- Situation #3 ….. Post-Exchange Pay Off of $50,000 Carried Over Loan via $50,000 Cash Withdrawals from the New Policy
In PLR 8816015, IRS held that a post-exchange cash withdrawal from a new policy to pay down a Section 1035 carried over loan did NOT result in “boot” income. The carry over of the loan to the new policy was held to be a tax free exchange. And the subsequent withdrawal from the new policy to pay off the loan was held to be a tax free withdrawal of cost basis under IRC Section 72(e)(5).
Nevertheless, it may be prudent in light of PLR 9141025 (see pre-exchange Situation #1 above), to let a reasonable time interval lapse between the carried over loan and the withdrawal to pay off the loan. Again, what is considered a reasonable time interval between the policy exchange and the subsequent withdrawal to pay off of the loan has not specifically been addressed by IRS.
- Situation #4 ….. Post-Exchange Pay Off of $50,000 Carried Over Loan to New Policy Using $50,000 of Funds from Outside the Policy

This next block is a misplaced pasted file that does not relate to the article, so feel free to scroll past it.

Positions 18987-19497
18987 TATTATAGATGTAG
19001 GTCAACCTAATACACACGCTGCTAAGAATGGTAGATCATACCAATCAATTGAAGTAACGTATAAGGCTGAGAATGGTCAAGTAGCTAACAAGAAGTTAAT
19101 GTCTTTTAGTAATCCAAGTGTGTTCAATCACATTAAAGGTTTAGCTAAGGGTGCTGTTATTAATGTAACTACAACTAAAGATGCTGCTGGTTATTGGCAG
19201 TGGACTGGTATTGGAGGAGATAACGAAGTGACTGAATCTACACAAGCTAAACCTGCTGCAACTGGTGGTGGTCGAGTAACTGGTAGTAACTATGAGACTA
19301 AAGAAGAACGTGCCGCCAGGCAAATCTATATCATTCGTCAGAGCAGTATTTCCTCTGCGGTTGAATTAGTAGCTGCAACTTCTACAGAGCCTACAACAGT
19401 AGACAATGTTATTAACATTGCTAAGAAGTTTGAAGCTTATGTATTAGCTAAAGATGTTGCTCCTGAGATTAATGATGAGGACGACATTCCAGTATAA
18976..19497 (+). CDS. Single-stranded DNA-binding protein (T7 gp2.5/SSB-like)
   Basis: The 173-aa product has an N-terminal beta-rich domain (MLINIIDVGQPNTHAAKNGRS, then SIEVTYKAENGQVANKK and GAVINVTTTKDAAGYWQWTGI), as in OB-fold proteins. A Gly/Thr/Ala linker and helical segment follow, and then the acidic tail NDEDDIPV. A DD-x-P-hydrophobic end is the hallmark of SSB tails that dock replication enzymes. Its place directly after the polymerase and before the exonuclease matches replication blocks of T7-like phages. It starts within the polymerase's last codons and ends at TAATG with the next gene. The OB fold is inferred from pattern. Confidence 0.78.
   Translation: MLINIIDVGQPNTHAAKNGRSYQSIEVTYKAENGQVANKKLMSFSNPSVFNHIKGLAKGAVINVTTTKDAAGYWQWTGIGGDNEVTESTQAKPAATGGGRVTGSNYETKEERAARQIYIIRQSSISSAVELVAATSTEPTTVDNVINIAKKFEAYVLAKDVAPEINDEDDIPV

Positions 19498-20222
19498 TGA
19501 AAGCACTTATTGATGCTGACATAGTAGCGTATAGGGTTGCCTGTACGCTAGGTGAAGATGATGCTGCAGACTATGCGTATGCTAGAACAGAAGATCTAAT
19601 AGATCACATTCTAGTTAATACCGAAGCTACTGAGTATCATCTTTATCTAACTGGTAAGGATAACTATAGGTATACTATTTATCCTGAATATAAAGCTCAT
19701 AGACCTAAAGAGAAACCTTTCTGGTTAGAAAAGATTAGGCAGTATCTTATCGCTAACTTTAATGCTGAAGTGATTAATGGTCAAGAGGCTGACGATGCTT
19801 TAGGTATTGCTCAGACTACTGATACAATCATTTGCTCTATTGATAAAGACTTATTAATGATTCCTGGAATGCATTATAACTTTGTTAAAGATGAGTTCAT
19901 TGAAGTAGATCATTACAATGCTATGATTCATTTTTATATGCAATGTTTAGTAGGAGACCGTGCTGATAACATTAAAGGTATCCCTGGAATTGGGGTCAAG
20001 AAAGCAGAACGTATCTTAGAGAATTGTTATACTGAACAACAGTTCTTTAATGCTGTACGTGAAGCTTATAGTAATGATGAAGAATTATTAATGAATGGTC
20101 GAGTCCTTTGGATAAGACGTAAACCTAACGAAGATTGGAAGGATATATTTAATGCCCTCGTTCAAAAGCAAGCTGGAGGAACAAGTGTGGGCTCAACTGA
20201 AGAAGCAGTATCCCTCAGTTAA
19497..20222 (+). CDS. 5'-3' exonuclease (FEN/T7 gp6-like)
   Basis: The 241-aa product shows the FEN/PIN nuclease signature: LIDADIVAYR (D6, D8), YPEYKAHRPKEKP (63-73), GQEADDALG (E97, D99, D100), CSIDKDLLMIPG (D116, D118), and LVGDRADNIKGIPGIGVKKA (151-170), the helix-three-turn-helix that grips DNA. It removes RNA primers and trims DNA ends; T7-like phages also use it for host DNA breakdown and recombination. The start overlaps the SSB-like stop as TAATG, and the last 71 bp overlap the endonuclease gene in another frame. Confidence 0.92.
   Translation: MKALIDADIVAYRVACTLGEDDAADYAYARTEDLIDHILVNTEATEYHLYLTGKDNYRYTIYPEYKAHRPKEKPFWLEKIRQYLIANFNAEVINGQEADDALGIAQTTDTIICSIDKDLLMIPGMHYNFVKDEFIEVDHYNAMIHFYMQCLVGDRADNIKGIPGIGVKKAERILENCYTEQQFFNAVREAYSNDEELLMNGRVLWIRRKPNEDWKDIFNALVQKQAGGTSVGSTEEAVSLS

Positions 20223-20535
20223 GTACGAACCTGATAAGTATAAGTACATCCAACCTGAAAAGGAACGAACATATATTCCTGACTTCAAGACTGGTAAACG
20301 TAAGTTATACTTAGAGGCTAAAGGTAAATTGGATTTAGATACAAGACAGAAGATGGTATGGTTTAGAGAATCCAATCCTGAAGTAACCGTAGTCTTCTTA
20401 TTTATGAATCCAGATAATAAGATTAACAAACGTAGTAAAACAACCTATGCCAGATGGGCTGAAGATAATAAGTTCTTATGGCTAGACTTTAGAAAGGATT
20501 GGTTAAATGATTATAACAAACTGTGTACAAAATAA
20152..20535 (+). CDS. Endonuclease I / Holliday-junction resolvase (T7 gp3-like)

Use of personal funds to pay off the carried over loan after the exchange would NOT be “boot” income since the policy owner is NOT receiving any cash from the policy.
A Section 1035 exchange offers a policy owner an opportunity to increase death benefit and/or decrease premium outlay. When a Guaranteed Death Benefit Universal Life (UL) contract is involved, these “no-lapse” provisions offer strong financial guarantees which may not be available with other types of permanent insurance.
The details of Section 1035 transactions can be complex and require careful analysis. Section 1035 exchanges of policies with loans may apply to corporate owned, personally owned, or trust owned policies. Remember, the policy owner must be the same both before and after the exchange. And multiple life insurance policies can be exchanged (2 or 1; 3 for 1etc.) as long as each existing policy has the same owner. Contact your BSMG Life Insurance Advisor today to discuss the details of your case and let us offer our expertise to enhance your client’s financial security.
Russell E. Towers JD, CLU, ChFC
Vice President – Business & Estate Planning
Brokers’ Service Marketing Group